By Moira MacDonald / The Seattle Times
In the In Memorium segment of the 72nd annual Emmy Awards, local audiences saw a glimpse of a smiling face familiar to many: Lynn Shelton, a Seattle native and acclaimed filmmaker who received two posthumous Emmy nominations this year, for directing and producing Hulu’s limited series “Little Fires Everywhere.”
“We were all a bit shaken to see that,” said Shelton’s mother, Wendy Roedell, in a telephone interview Sunday night. Roedell watched the Emmys ceremony at Seattle’s Northwest Film Forum with several of Shelton’s family members: father Mac Shelton, stepmother Frauke Rynd, and stepfather Alan Roedell. “None of us expected in our lives to see her being memorialized on screen.”
A first-time Emmy nominee, Shelton did not win her categories; the HBO action series “Watchmen” took both. But she would have been enormously honored to have been there, her parents said. In a written statement, her family described her as a “collaborator extraordinaire. She delighted in the results of the chemistry of creative people working together. As a solitary artist she wrote brilliant screenplays and created extraordinary stories and concepts. But it was her ability to bring out the best in her colleagues that set her apart.”
Shelton died in May of a blood disorder at the age of 54. She began making feature films in the mid-2000s, and she quickly established herself as a star of the local filmmaking community; later, her mostly made-in-Seattle films of human comedy achieved national recognition and distribution. Shelton’s feature films included “Humpday,” “Your Sister’s Sister,” “Laggies,” “Outside In,” and “Sword of Trust.” In the last few years of her career, she worked extensively in television, with directing credits that included “Mad Men,” “The Mindy Project,” “GLOW,” “Fresh Off the Boat,” “The Good Place” and many more. Her trademark was a warmly collaborative way of working, of making the set a happy place to make art.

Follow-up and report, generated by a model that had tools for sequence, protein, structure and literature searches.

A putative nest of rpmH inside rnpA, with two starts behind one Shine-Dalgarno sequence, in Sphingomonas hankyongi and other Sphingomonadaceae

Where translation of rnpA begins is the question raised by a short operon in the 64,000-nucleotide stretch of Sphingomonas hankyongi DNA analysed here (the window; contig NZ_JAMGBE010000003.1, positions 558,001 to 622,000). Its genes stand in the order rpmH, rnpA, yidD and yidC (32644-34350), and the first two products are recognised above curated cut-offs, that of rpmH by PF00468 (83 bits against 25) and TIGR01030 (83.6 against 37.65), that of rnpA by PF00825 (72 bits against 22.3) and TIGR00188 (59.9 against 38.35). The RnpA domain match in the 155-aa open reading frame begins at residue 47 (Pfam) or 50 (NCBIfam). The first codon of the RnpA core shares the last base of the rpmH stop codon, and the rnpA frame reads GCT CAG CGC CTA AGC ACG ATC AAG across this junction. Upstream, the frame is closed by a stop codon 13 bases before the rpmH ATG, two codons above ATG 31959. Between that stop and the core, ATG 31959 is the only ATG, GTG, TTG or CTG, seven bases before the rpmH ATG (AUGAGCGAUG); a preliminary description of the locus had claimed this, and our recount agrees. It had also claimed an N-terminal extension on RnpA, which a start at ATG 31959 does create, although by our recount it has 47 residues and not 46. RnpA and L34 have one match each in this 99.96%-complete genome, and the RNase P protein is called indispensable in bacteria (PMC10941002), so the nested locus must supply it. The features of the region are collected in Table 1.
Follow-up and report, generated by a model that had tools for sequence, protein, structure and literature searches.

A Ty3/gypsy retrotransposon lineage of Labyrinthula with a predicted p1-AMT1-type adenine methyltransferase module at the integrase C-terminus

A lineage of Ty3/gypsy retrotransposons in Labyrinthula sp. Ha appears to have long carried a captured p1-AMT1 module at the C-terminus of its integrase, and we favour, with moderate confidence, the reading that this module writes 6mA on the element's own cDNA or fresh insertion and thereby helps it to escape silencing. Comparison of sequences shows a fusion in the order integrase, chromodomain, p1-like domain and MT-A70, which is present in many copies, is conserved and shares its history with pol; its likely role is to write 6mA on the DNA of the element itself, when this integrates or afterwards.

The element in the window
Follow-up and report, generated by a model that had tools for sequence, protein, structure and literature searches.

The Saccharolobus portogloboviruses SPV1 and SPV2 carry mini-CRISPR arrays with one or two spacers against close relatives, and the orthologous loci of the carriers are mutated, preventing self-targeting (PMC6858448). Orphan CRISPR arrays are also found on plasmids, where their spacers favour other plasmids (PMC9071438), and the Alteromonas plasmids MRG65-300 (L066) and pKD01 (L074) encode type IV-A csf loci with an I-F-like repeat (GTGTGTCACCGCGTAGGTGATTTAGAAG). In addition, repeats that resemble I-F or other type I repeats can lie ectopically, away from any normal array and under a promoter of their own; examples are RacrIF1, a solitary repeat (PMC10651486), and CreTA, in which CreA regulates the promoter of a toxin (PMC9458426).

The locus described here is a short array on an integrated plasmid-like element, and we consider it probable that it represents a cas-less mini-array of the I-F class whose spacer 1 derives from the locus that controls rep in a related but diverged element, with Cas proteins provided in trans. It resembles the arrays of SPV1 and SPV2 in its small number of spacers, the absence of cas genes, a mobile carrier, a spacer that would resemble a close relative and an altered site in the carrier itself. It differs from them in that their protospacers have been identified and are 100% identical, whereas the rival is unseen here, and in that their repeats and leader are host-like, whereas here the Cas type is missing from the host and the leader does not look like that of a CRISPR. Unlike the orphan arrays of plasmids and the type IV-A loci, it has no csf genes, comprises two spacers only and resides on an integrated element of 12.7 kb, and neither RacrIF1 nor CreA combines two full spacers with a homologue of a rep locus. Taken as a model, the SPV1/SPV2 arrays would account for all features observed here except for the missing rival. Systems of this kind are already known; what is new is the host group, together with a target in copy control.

Her family said that “Little Fires Everywhere” — a story of mothers and daughters set in 1990s suburban Ohio, based on the novel by Celeste Ng — was a project close to her heart. A parent herself, Shelton was drawn to the project because it “involved mothers raising kids, and the relationship between mothers and their children as they grew older,” Mac Shelton said. Throughout the project, he said, Shelton became especially close to the young actors on the series: “She spent time with them on set and off set, to get to know them, to make them feel comfortable with her.”
Because of pandemic restrictions, the family has not been able to have a full-fledged memorial service for Shelton, but they have been hearing a chorus of memories of her over the past four months — including from fellow Emmy nominees they met last week in a private virtual reception. Many spoke of her “kindness and bigheartedness,” Mac Shelton said. “We just heard that over and over and over again, the past four months solid: she was just a joy to work with.”
“I think she made a big impression on the world and changed the way people think about how movies ought to be made,” Wendy Roedell said.
In their statement, the family noted that Shelton began to collaborate at age 3, telling her mother the stories in her head. “As an adult Lynn’s collaborations resulted in the creation and direction of eight feature films and numerous TV episodes. If she were alive today, she would declare her love for all of those collaborators for enabling her to become the woman who got nominated for an Emmy.”